What you can do: Set aside a percentage of your distribution for taxes. Your account administrator may withhold funds automatically for you when you request the withdrawal, so check your statements. Your review should be for both federal and any state tax obligations. If the withholding is not sufficient, consider sending in an estimated tax payment. And if you are charged a withdrawal penalty, ask for help to correspond with the IRS to get this charge reversed.
No one likes surprises when filing their taxes. With a little planning now, you can reduce the chance of having a surprise hit your tax return later.
You’re ready to take out a loan to buy a house, a car or get a credit card. You fill out the application and wait to hear back from your bank on its decision whether to loan you the money.
And then you get the dreaded phone call. Your credit score wasn’t high enough to approve the loan! Was there anything you could have done to get a higher credit score?
Getting and maintaining a high credit score is just like playing a game. But just like any game, you first need to understand the rules so you can create a winning game plan. Here are the rules of the credit score game you need to understand so you can get the highest score possible.
Rule 1 – Pay your bills on time (Comprises 35% of your credit score equation). Payment history is the most important component of your credit score and is pretty straightforward – it’s a record of whether or not you’ve paid your bills on time.
Action: Don’t be late paying your bills! A one-time late payment may not affect your score, but multiple late payments will drag down your score. Even better, understand what vendors report your payment history and which ones do not.
Rule 2 – Refrain from maxing out your credit (30%). Just because you have a $10,000 credit limit doesn’t mean you should use it all. Using close to or all of your credit limit signals to lenders that you may be a high-risk borrower. Insurance companies also love to use high-limit spending as a reason to increase your home and auto insurance, so be forewarned!
Action: Don’t use more than 25% of your available revolving credit, and pay the outstanding credit card balance in full each month.
Rule 3 – Build a long history of using credit responsibly (15%). Lenders want to see a track record that you can handle being entrusted with a credit limit. If you have old credit accounts that are still open and in good standing, that signals your trustworthiness, which is reflected in a higher credit score.
Action: When you open a credit account, keep it active for as long as possible. If you stop using an account, consider leaving that account open, but only if it will help your score and not hurt you in obtaining new credit.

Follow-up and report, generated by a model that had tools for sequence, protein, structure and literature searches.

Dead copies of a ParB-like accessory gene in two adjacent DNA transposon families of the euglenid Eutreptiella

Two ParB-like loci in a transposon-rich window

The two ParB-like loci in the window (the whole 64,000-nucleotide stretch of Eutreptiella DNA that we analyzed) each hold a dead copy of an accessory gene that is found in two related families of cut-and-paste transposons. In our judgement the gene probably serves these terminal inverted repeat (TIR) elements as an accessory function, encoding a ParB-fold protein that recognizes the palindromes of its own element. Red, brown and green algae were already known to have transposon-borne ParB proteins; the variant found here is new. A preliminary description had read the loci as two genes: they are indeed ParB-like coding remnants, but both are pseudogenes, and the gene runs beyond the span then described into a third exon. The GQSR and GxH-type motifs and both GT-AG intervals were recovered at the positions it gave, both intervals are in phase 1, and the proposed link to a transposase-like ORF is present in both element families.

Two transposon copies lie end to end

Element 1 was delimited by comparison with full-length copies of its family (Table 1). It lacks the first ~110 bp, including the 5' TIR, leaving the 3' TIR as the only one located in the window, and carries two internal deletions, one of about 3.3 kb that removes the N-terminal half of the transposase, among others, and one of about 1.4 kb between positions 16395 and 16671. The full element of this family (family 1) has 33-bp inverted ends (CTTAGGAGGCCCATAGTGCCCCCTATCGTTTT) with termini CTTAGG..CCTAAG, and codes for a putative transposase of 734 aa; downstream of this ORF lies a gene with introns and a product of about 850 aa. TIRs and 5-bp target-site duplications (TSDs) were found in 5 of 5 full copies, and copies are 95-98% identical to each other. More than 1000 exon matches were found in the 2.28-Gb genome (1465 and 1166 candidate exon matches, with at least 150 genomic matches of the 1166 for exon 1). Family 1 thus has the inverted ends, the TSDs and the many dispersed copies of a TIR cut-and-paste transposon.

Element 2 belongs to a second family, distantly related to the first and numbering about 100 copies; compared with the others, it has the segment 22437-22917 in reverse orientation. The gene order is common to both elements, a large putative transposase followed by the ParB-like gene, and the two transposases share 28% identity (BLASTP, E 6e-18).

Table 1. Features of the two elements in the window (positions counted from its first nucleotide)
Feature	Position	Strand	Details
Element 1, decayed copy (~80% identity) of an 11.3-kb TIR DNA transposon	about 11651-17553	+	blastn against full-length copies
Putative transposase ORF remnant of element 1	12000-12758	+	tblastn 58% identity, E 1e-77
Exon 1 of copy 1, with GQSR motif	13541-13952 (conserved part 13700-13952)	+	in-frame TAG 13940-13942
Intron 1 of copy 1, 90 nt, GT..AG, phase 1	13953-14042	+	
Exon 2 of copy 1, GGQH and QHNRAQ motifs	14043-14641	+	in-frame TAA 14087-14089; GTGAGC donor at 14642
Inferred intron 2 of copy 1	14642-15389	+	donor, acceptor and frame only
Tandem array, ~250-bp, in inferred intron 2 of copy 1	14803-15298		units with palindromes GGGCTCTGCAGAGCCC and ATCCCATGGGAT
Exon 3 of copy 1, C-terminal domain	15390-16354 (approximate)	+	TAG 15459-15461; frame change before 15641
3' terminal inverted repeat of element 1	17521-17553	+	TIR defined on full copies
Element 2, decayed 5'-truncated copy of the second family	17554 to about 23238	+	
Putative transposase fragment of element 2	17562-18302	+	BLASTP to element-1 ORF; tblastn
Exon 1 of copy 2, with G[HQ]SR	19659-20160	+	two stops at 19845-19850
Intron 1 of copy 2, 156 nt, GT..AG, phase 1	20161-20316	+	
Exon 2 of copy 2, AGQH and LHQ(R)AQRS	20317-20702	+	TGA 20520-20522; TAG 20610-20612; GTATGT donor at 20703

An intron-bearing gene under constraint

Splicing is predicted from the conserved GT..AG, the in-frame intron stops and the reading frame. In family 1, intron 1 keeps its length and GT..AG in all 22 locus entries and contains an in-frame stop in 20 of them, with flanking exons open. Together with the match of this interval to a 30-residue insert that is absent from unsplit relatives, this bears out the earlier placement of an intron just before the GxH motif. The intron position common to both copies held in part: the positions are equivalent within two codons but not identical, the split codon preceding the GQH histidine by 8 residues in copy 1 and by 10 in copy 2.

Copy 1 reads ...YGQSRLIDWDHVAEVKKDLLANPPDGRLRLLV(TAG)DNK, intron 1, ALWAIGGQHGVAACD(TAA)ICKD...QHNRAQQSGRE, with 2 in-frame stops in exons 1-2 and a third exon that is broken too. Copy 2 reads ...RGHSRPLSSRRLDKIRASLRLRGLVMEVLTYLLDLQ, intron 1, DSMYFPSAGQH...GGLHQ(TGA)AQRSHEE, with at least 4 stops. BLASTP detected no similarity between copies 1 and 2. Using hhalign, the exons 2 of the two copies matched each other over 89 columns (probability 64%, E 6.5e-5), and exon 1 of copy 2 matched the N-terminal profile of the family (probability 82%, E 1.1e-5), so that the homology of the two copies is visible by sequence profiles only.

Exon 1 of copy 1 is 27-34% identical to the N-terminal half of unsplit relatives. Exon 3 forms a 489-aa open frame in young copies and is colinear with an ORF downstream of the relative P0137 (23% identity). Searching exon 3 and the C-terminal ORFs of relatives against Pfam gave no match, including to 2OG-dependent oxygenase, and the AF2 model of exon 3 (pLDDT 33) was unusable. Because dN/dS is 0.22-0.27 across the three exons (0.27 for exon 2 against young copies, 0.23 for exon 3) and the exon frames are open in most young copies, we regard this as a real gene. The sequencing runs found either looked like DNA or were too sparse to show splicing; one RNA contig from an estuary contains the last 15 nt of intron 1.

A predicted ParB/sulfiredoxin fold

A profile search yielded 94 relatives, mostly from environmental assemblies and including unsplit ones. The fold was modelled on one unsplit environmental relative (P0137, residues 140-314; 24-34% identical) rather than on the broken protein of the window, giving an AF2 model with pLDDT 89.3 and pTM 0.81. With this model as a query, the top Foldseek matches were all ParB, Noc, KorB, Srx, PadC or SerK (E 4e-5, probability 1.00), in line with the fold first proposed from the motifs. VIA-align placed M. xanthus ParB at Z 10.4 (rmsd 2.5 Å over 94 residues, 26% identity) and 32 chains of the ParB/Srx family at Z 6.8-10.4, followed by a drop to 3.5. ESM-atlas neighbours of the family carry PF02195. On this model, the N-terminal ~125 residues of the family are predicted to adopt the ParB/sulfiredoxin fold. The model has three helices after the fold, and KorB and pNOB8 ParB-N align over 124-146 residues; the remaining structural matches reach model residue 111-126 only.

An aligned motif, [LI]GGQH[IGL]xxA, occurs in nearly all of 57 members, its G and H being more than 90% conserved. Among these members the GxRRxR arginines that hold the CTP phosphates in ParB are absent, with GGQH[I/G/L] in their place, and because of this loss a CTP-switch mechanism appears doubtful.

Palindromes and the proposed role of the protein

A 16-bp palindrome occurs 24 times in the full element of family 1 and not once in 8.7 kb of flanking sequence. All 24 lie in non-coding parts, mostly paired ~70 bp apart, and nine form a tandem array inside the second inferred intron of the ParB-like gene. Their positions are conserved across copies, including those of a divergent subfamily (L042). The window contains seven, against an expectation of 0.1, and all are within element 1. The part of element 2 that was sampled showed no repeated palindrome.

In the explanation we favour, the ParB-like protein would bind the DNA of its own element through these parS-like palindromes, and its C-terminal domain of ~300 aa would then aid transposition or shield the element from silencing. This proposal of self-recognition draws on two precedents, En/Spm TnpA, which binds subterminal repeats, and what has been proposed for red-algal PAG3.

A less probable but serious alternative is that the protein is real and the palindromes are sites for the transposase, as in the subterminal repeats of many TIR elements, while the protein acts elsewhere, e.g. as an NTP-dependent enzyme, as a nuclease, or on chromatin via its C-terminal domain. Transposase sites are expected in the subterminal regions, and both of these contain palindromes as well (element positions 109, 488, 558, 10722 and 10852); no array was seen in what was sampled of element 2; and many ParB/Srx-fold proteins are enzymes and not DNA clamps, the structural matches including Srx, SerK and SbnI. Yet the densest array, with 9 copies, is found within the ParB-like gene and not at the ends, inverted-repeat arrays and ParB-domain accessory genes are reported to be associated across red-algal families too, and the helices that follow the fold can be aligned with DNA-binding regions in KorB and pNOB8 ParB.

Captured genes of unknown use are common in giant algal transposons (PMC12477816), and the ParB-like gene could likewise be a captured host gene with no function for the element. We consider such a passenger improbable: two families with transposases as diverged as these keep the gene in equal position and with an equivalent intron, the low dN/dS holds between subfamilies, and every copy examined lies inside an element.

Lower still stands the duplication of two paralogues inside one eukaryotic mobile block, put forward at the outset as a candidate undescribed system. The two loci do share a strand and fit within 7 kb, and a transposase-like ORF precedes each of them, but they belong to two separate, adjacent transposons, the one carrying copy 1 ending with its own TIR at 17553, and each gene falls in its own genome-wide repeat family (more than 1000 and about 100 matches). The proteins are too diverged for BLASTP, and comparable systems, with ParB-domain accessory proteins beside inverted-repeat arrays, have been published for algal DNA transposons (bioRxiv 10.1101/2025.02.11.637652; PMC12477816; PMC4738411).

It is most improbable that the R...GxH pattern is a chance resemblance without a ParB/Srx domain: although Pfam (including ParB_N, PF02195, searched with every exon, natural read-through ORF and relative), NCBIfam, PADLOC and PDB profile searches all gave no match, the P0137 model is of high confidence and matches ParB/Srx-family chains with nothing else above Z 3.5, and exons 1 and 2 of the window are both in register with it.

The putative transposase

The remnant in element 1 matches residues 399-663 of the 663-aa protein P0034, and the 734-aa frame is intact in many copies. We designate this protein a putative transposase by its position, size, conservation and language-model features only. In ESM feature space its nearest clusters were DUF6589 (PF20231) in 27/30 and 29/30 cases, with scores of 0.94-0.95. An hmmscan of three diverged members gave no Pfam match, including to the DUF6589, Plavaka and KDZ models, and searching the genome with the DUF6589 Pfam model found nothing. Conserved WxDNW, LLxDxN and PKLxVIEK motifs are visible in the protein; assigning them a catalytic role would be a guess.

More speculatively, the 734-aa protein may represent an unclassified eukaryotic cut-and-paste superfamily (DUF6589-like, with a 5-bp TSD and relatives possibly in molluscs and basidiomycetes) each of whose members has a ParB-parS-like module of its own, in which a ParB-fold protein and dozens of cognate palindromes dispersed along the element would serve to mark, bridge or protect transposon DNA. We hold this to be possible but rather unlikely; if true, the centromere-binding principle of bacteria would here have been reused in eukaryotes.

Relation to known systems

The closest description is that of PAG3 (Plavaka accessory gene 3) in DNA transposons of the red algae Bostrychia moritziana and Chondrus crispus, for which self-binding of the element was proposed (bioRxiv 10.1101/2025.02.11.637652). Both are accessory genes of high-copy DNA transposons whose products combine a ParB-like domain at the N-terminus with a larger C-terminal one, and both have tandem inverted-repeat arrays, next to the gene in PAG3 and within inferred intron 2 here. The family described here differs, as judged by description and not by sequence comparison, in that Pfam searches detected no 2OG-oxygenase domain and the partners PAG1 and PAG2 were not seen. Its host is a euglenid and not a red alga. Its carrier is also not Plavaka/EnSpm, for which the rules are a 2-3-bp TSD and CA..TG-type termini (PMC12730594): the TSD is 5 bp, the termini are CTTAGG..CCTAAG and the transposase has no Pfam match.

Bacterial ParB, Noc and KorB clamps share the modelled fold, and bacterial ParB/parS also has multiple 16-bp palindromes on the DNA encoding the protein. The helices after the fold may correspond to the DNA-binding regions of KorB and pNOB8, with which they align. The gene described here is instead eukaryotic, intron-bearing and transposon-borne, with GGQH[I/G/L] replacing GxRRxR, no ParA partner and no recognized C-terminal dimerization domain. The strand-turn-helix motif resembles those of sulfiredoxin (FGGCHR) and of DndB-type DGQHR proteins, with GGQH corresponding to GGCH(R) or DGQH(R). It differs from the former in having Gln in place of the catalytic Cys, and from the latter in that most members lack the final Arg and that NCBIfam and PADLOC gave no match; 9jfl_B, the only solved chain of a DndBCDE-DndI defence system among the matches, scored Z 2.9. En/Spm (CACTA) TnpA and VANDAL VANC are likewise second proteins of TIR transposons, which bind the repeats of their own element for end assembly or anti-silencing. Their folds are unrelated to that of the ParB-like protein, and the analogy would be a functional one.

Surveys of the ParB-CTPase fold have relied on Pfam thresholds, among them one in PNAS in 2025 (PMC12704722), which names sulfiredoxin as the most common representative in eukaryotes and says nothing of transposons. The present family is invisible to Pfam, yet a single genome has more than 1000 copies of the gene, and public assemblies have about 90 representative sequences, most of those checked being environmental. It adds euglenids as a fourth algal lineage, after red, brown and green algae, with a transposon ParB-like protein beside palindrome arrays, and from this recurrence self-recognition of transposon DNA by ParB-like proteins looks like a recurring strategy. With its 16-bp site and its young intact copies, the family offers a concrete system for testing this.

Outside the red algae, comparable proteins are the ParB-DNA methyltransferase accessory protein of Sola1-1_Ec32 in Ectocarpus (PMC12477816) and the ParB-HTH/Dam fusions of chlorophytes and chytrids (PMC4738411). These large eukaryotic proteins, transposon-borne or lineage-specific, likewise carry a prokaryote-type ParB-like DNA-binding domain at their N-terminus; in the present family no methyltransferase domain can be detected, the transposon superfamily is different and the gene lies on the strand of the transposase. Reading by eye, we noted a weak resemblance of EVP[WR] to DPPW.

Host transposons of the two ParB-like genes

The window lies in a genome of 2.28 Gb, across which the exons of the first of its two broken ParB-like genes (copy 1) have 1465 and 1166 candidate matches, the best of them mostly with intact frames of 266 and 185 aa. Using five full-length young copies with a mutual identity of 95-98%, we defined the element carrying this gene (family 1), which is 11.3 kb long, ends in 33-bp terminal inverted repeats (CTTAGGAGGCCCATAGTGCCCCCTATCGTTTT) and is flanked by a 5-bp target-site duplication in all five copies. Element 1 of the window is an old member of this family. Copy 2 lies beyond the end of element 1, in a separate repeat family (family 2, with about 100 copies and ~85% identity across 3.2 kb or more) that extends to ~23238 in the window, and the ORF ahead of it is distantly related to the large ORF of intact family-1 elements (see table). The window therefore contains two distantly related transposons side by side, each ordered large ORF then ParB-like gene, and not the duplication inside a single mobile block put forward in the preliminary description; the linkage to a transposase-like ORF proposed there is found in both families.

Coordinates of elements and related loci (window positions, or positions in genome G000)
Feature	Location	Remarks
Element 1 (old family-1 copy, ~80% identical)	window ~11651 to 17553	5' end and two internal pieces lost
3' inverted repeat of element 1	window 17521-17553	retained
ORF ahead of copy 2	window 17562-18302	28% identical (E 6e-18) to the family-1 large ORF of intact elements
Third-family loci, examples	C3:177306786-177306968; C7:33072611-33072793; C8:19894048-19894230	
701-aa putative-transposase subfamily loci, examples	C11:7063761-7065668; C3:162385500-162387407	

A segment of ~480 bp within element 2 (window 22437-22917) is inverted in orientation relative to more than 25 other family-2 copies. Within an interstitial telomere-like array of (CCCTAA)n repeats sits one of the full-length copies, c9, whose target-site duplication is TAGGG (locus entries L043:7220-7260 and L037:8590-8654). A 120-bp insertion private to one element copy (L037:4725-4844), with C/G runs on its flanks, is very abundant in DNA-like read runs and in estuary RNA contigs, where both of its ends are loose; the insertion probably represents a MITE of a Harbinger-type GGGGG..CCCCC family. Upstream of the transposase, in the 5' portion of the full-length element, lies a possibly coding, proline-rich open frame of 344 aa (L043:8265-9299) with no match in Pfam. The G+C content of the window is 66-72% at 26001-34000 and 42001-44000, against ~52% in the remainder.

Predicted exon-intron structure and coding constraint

Rule 4 – Use multiple types of credit (10%). Lenders like to see you with both revolving debt (credit cards) and installment debt (car and house loans).
Action: If you have a low credit limit, request a limit increase. Many banks will honor the request, especially if you’ve had a history of making on-time payments. If you don’t have a history of using installment loans, consider making a small purchase (such as an appliance or electronic device) using an installment loan.
Rule 5 – Avoid too many credit inquiries (10%). Applying for many loans or credit cards in a short period of time tells lenders you may be attempting to acquire more credit than you can handle.
Action: Apply for only one type of credit at a time. Multiple inquiries for the same type of credit, for example a mortgage loan, within a short period of time will only count as one inquiry.
You can improve your credit score by understanding these rules and putting them into practice.
Maybe you’re behind on paying your bills because of circumstances outside of your control. Or perhaps there’s been an error in billing. Either way, these scenarios may lead to a run-in with a debt collector. Fortunately, there are strict rules in place that forbid any kind of collector harassment in the U.S. If you know your rights, you can deal with debt collection with minimal hassle. Here’s what to remember:
You have a right to details — without harassment. When a debt collector calls, they must be transparent about who they are. They need to tell you: “This is an attempt to collect a debt, and any information obtained will be used for that purpose.”
In addition, debt collectors cannot use abusive language, or threaten you with fines or jail time. The most a debt collector can truthfully threaten you with is that failure to pay will harm your credit rating, or that they may sue you in a civil court to extract payment.
You don’t have to put up with 24/7 calls. Debt collectors may not contact you outside of “normal” hours, which are between 8 a.m. and 9 p.m. local time. They may try to call you at work, but they must stop if you tell them that you cannot receive calls there.
Keep in mind that debt collectors may not talk to anyone else about your debt (other than your attorney, if you have one). They may try contacting other people, such as relatives, neighbors or employers, but it must be solely for the purpose of trying to find out your phone number, address or where you work.